Spatchcocking The Bird

(This is a post from 2009. But I stumbled on it recently and it made me giggle so I thought maybe you’d like it too.)

It sounds like as much fun as it was.

I promised the BeckyLand readers immoderate amounts of information and photos from our Thanksgiving bacchanal, so here you go.

The word “spatchcock”—for those of you not up-to-date on archaic vocabulary—is a combination of “dispatch” meaning to prepare poultry for cooking (including all the indelicate parts from killing to feathering to trimming; you know, the stuff you don’t want to know about) and “cock” meaning bird. Dispatch the cock. Spatchcock.

The more modern meaning would be “tell your husband to remove himself from the recliner because it’s time to fight with this slippery turkey and we have a zillion people coming over soon.”

Come. Join me on a pictorial tutorial through a half hour of our Thanksgiving morning. Apologies to my vegetarian friends and those foreigners who might not comprehend the desperate measures and sacrifices Americans make on this holiest of Eating Holidays.

Posing and dancing the bird on the counter is the first step. That’s how you know if it’s ripe.

Cut one side of the backbone …

… then the other …

… finally removing it altogether. Then hope your grandma doesn’t smite you from her heavenly perch for not saving it to make soup.

Almost spatched.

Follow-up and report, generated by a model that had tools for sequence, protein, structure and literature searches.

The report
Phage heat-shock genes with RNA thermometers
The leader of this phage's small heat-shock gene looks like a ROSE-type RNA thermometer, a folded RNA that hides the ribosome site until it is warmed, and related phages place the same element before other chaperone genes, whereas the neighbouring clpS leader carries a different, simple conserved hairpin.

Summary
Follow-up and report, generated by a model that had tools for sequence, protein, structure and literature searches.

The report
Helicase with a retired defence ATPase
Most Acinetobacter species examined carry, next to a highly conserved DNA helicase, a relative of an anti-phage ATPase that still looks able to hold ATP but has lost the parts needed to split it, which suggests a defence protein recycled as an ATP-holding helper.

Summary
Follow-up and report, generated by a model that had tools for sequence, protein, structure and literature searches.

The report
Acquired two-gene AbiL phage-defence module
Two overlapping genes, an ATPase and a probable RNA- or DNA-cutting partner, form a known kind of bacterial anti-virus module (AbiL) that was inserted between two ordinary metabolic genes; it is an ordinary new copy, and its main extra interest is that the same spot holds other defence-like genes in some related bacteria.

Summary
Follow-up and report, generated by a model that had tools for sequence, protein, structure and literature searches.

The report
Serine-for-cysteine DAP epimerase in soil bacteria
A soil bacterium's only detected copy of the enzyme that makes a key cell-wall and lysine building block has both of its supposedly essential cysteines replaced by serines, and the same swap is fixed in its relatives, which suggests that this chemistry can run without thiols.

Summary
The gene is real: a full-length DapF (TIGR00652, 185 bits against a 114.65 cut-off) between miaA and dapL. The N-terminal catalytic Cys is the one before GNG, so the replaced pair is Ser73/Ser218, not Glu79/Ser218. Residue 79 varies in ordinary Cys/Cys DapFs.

Turn it over. Maneuver it one last time in a demure pose. After all, how would you feel to be all naked on the kitchen counter like that?!

Press firmly on the sternum until it makes a delicious cracking sound. Like a really good chiropractic adjustment.


And posed one last time. Just because it’s fun.

Ready to cook …

Cooked. Quite delish.

The benefits to spatchcocking are numerous and include more than just getting to play with your food. Your turkey cooks in about half the time, but choose one that’s no more than 15 pounds. (This one was about 11 pounds. We did another one in the traditional way. You know, in a bag.) You can get the spices everywhere much easier. Breast and thighs are done at the same time. Crispier skin. Easier to carve. Guaranteed blog entry with maybe the extra bonus of angry vegetarian comments.

You will sacrifice the big Norman Rockwell presentation, but by the time that happens, everyone is all liquored up anyway and just wants to tear into a drumstick.

Chief Spatchcocker says I wouldn’t be able to do it myself but methinks he underestimates the mighty, mighty power of my willfullness. Or what I’d do for a blog entry.

So … what do you think? Will you spatchcock YOUR bird?

7 thoughts on “Spatchcocking The Bird”

  1. I wasn’t so worried for the bird as I was for your counter. Please tell me that you wiped everything that the turkey even looked at with something antibacterial. I get so weird about raw poultry that I wear disposable rubber gloves when I spatchcock. Can’t be too careful.

  2. Pingback: » Braised Quail with Wild Mushrooms Toronto Bites

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